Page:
Judge rejects FAA’s drone ban: Now what?
By Matt Waite
UPDATE: The FAA is appealing. The appeal has the effect of staying the judges decision. We’re back to status quo less than 24 hours later.
A federal judge dismissed the first and only case against a small drone pilot Thursday, saying the FAA does not have regulations to govern model aircraft and the rules the agency had been using to ban commercial drones are non-binding policy, not regulation.
Judge Patrick Geraghty ruled Thursday the FAA had no authority to fine Raphael Pirker $10,000 for flying his small fixed-wing UAV around the University of Virginia campus on Oct. 17, 2011. The university was paying Pirker for publicity video at the time.
Specifically, Geraghty wrote:
- That none “of the definitions the FAA used for ‘aircraft’ are applicable to, or include a model aircraft within their respective definition.”
- That Pirker’s flight was “subject only to the FAA’s requested voluntary compliance” with rules for hobbyists, which include staying below 400 feet and within line of sight of the operator.
- That the policy documents the FAA relied upon for its rules were “intended for internal guidance” and “not a jurisdictional basis for asserting … enforcement authority on model aircraft operations.”
- That the FAA’s policy notice setting this all up is either ”non-binding” or “an invalid attempt of legislative rulemaking” that fails to comply with rules for making federal regulations.
- That “at the time of Respondent’s model aircraft operation … there was no enforceable FAA rule or FAR Regulation applicable to model aircraft or for classifying model aircraft as an UAS’s.”
So what now? I think it means a couple of things.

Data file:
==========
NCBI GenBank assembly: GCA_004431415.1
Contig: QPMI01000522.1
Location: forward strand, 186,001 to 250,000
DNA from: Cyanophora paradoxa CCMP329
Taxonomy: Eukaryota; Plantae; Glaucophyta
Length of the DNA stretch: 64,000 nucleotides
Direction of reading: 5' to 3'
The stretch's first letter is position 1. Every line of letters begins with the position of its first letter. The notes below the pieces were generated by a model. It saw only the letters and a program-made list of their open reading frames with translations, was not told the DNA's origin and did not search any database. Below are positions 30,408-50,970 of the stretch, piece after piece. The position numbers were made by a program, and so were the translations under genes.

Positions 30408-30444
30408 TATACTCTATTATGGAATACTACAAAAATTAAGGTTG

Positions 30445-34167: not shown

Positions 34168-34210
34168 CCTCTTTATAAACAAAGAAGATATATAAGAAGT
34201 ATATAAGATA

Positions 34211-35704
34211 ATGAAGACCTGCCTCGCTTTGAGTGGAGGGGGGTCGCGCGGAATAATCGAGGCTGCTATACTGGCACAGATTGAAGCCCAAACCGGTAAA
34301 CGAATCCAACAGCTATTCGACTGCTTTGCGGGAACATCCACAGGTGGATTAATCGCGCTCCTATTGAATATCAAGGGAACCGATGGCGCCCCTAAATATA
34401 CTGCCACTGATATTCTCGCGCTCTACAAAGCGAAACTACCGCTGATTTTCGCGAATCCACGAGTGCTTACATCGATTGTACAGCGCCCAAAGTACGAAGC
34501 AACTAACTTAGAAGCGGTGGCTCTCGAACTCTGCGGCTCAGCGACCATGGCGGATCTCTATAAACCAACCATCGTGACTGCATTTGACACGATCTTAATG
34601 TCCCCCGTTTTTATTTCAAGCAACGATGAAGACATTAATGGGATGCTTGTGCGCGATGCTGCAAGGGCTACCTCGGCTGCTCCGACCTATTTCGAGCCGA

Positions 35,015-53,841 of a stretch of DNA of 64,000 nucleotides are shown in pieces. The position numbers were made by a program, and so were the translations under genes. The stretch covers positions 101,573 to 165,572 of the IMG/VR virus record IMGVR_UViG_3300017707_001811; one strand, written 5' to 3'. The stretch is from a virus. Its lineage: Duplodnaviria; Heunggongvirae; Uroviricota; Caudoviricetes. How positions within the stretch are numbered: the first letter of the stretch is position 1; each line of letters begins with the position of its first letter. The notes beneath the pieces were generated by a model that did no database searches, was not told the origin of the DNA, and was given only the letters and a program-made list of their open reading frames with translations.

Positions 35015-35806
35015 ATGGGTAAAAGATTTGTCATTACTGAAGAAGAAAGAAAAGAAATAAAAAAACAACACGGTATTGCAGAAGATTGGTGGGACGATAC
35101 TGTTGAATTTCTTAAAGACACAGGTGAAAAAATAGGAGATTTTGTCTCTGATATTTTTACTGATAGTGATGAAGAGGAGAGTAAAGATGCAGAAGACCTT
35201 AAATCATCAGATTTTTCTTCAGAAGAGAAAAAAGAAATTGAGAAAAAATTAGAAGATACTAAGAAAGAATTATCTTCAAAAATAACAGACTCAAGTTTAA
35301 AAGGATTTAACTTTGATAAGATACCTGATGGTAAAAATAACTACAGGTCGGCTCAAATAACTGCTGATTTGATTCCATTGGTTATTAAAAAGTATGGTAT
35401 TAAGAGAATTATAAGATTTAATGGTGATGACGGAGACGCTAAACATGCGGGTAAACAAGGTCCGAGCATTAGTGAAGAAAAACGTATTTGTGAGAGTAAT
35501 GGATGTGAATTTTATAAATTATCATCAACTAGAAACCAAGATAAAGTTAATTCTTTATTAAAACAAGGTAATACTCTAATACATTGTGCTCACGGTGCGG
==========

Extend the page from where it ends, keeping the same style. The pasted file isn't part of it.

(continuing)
First, this appears to open a small crack for journalists to start more openly experimenting with using UAVs for news stories without fear that the FAA is going to come after them.
Second, it’s not going to last. Do you really think the FAA is just going to throw its hands in the air and give up? They’re going to do something. My bet is emergency regulations, which will also be litigated. And we’ll still be waiting for real regulations — basically status quo. But make no mistake, the pressure just got turned up on the FAA to come up with commercial drone rules, and soon.
But let’s talk about those experiments that just opened up. This decision is not an invitation to a free-for-all. What UAV users choose to do in the coming days will determine a lot about what the future of regulation will look like.
Put another way: Don’t do anything stupid. Bad actors make bad policy.
News organizations would be wise, in whatever window exists to fly in, to observe the voluntary restrictions that have been in place since the 1980s. Stay below 400 feet, stay miles away from airports, stay within line of sight, don’t fly over crowds of people. They’re common sense restrictions, and there’s few compelling reasons to ignore them.
And news organizations shouldn’t expect everyone to welcome this with open arms. Police in Connecticut reported a journalist flying on his own time to the FAA and complained to his employer. I wouldn’t expect local law enforcement to be up on the latest twists and turns in administrative law, so be prepared.
Also, many states have considered or passed laws restricting drone use. Most of those dealt with law enforcement use, but several states followed Texas’ lead and are considering laws that make it illegal to photograph private property without the consent of the landowner. This decision will no doubt encourage more legislators to consider laws that may conflict with free speech or free press values.
This decision is important. It begins to open up opportunities for journalists with UAVs. But how much, and for how long, remains to be seen.